Everyone thought my life was out of control, and the truth is, it was. But it wasn’t the result of partying or drug abuse or plain ol’ laziness. It was the direct result of my mental illness. Instead of talking about my depression and asking for help, I shut down out of shame, fear, guilt and remorse.

I tried self-medicating, cutting, pills and overpriced, watered-down booze. I tried anything to make the sh*t stop and to get back to some semblance of my former self, but nothing worked. It wasn’t until I went to therapy that things got better. They weren’t great — hell, they were barely OK — but they were better.

Why? I felt better because I broke the silence, because I took one small but oh-so-significant baby step forward.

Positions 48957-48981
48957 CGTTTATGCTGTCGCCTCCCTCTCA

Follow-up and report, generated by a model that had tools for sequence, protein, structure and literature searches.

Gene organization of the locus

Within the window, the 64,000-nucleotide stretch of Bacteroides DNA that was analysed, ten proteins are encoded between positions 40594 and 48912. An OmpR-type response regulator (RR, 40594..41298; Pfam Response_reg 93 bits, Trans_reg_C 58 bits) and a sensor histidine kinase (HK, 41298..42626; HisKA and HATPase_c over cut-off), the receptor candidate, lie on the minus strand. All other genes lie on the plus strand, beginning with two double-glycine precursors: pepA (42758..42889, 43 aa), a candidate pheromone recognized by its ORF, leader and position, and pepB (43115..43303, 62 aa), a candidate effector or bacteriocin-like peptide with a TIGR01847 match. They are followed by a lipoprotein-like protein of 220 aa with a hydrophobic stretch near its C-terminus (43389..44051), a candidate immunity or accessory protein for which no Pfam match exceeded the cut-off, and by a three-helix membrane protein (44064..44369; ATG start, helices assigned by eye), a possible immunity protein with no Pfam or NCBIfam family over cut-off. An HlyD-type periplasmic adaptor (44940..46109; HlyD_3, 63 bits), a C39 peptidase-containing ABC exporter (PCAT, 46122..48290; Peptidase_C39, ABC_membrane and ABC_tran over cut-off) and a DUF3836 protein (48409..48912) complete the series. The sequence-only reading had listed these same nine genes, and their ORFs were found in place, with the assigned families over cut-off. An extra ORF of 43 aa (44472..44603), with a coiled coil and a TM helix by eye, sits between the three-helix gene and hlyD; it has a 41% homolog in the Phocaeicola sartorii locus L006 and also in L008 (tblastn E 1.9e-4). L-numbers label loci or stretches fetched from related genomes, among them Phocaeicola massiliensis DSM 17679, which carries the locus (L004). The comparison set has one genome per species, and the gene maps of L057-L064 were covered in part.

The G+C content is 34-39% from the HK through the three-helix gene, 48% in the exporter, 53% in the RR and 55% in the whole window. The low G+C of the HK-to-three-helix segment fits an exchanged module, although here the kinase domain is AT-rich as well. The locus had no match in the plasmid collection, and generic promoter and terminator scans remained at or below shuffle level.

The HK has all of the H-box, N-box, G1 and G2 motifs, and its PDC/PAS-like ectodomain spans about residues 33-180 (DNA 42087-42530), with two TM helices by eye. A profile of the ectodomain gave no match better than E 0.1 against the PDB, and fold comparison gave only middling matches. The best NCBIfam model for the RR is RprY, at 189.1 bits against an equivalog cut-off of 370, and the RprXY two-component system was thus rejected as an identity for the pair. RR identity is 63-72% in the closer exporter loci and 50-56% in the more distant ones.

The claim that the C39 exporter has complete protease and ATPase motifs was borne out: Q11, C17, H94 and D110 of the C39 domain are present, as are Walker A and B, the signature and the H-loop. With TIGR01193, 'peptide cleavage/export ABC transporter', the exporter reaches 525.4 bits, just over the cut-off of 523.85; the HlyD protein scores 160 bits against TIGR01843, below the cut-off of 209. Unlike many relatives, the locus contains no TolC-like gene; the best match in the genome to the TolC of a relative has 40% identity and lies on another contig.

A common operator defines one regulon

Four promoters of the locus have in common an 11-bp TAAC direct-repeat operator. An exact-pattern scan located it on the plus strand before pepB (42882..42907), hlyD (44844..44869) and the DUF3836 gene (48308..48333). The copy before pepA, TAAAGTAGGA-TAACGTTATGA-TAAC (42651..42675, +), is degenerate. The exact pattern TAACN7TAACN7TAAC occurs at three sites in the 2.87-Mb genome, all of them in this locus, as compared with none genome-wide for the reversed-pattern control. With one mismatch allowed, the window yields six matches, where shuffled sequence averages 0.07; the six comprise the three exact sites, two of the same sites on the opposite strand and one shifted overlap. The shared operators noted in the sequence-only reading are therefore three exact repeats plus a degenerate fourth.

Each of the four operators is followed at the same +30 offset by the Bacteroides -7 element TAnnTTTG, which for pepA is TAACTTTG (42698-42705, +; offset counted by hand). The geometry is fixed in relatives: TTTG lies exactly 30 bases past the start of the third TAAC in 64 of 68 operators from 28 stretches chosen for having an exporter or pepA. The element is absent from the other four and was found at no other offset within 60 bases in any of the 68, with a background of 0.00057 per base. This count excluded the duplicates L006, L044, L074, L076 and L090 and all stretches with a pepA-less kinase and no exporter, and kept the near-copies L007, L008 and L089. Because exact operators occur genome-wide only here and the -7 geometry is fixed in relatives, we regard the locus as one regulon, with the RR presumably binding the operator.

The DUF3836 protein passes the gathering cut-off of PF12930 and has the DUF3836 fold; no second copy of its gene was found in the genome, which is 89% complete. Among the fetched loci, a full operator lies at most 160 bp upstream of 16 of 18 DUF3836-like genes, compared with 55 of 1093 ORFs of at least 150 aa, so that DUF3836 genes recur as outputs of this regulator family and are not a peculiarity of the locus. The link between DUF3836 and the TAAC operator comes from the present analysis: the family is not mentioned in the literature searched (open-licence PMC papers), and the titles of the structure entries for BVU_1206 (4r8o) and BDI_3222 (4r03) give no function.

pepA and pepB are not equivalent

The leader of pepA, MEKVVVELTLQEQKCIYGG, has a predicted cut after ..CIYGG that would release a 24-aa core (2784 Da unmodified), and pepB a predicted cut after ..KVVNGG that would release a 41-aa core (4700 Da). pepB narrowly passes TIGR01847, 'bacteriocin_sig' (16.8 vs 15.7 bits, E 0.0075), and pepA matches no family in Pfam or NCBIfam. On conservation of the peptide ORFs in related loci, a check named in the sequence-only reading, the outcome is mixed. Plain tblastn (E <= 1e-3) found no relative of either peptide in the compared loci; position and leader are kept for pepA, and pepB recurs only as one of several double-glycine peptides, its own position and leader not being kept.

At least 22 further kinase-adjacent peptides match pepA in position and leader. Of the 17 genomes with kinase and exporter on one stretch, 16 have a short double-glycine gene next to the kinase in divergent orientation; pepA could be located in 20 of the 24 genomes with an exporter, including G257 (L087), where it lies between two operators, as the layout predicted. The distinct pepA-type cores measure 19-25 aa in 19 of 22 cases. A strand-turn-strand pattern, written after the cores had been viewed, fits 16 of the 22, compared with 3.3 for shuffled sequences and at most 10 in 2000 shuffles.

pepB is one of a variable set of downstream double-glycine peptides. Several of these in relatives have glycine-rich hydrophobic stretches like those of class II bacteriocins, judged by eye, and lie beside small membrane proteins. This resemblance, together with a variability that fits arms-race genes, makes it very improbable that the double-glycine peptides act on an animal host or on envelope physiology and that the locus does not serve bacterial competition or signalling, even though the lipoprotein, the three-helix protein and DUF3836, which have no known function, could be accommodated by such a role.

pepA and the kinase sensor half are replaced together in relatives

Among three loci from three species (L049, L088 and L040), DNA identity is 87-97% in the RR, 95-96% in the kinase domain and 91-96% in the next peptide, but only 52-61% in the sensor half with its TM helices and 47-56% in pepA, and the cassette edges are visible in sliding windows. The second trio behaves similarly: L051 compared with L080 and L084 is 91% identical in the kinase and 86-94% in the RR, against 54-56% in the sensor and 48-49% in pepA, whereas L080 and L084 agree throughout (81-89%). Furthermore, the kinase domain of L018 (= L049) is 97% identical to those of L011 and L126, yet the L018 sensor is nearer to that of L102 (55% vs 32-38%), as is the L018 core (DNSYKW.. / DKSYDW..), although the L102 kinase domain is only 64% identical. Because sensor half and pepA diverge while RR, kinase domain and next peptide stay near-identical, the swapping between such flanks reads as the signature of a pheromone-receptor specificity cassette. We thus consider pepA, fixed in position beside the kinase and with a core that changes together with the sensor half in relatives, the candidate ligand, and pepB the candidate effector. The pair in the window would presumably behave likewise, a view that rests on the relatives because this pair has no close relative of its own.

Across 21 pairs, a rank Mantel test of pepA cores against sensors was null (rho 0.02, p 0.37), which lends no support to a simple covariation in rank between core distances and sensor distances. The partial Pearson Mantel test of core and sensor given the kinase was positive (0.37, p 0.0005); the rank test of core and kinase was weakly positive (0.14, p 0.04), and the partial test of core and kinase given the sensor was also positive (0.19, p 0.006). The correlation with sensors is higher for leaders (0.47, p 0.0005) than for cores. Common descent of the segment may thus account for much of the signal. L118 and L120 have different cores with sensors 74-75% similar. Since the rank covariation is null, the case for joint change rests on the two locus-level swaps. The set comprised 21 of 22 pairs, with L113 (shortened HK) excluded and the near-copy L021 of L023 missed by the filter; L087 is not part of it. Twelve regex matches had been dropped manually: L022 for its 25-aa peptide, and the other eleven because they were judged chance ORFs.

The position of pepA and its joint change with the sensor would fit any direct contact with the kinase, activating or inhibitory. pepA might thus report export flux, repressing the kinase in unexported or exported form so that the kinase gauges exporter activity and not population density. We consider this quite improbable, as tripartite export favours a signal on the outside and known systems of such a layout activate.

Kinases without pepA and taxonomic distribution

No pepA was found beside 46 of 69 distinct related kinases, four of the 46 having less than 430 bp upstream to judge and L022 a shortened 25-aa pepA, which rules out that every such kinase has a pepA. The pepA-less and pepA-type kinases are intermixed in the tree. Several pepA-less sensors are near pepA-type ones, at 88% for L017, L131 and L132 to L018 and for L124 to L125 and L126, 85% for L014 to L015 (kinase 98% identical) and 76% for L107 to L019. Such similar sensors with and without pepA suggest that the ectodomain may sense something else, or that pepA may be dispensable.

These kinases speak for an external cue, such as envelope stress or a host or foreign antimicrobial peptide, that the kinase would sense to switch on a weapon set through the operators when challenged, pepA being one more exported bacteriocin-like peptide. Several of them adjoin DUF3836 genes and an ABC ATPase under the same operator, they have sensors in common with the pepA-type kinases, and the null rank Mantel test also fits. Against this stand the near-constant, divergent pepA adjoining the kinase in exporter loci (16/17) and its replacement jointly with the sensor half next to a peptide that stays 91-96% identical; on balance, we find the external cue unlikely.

It’s taken me 16 years to get comfortable saying I have a mental illness, because let’s be real: Even though I know — and knew then — I should not be ashamed of my illness, I still was. I let shame consume me and taunt me. I let the idea of shame haunt me.

I stayed silent because I was scared. I was terrified I was “crazy” and ever more afraid I wasn’t. I was petrified that perhaps I was a failure who just wasn’t cut out to cope with adult things and my new “adult” life.

I stayed silent, because I was sure no one would understand. How could I possibly explain the sadness, the depth and the breadth of my pain? And, conversely, how could I explain the lack thereof — the sheer loss of love and emotion in my life?

And I stayed silent because I thought nobody cared. Admittedly, there are times when I still believe this. Days and weeks and months when I believe this.